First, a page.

As good as the steaks are, and I think they are very good, the prime rib is the finest example of cut and I have ever had. While I can make the caase that there are better examples of the steaks that S&W serves at other NYC restaurants I cannot make the same case at the prime rib, it is unmatched in my opinion. I often make the claim that the prime rib at S&W would be my death row meal and I can say that after trying some of the finest beef NYC has to offer as well as some top notch offerings London and Los Angeles, including some very pricey Japanese Wagyu, that it remains so. It is an utterly delectable cut, especially when it is served rare. The prime rib here, quite unlike most prime ribs, really is USDA Prime beef, dry aged for 28 days and then expertly roasted for several hours. The depth of flavor imparted by this process is unmatched. The dry aging, aside from producing an ethereally buttery texture to the beef also gives it a deep musky mineral rich characters. Unlike the similarly aged Colorado rib eye, which is after all the same cut prepared differently, the prime rib does not have the tangy, bold, in your face Roquefort-like flavor but a more subtle, though no less intense, one which is akin to a reduction. While the ribeye has a strong start and a delicate finish on the palate the prime rib is different, it starts of relatively mildly, even bordering on sweet but then the flavor ramps up leaving a lasting presence.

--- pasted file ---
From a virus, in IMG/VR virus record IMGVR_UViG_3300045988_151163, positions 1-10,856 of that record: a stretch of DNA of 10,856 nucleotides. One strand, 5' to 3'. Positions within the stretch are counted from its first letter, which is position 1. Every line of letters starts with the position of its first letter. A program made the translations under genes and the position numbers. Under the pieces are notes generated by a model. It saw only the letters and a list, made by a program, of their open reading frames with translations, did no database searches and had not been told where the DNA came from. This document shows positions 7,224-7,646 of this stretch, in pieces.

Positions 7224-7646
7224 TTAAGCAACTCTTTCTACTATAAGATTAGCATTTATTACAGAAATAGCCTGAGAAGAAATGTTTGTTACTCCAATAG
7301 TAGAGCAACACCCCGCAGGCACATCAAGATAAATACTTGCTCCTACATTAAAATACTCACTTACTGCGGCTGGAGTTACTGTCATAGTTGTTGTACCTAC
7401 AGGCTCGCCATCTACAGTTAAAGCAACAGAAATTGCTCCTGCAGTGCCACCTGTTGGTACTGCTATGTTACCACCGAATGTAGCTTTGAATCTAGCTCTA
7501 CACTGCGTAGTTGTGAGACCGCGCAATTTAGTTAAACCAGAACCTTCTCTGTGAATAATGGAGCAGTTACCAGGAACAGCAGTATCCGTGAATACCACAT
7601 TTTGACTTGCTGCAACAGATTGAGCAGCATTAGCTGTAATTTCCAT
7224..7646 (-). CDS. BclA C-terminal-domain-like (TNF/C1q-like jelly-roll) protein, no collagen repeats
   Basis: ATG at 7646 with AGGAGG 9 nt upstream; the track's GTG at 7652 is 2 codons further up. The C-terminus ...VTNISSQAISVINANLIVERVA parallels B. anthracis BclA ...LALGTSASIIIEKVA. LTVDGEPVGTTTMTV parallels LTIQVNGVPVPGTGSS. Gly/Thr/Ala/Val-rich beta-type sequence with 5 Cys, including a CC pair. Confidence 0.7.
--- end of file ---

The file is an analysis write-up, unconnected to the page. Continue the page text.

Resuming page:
S&W also has very fresh seafood although I have found their fish mains to be less consistent, sometimes extreamly tender but other times a little dried out. Realistically you should stick to the beef here.
S&W's sides, all of which are served a la carte as is the custom at most NYC chophouses, are almost universally good. The creamed spinach is rich and creamy and the spinach itself retains a nice bright green color, unlike say Peter Lugers where the spinach is cooked so much that it becomes quite dark and dull. The hash browns are also generally wonderful, crispy and golden with a buttery interior, definitely some of the finest of their breed although I admit that on occasion they taste as if they wnere made too far ahead of time. The fries and onion rings are also well done.
S&W was one of the first steakhouses to have a pastry chef although the items on offer are fairly traditional. The massive desert trolley is hard to pass up even after a belt busting steak.
I will concede that the competition is growing increasingly stiffer in NYC amongst steakhouses. In the last few years the number of steakhouses in NYC has seemingly doubled and while most are tired Luger clones, all to often replete with former Luger's staffers, there have been a few that have impressed me lately, most notably Primehouse. However, I still think that S&W holds up as a standard bearer for that most unique of institutions, the NYC steakhouse. Highly Recommended.
Smith & Wollensky
797 Third Ave.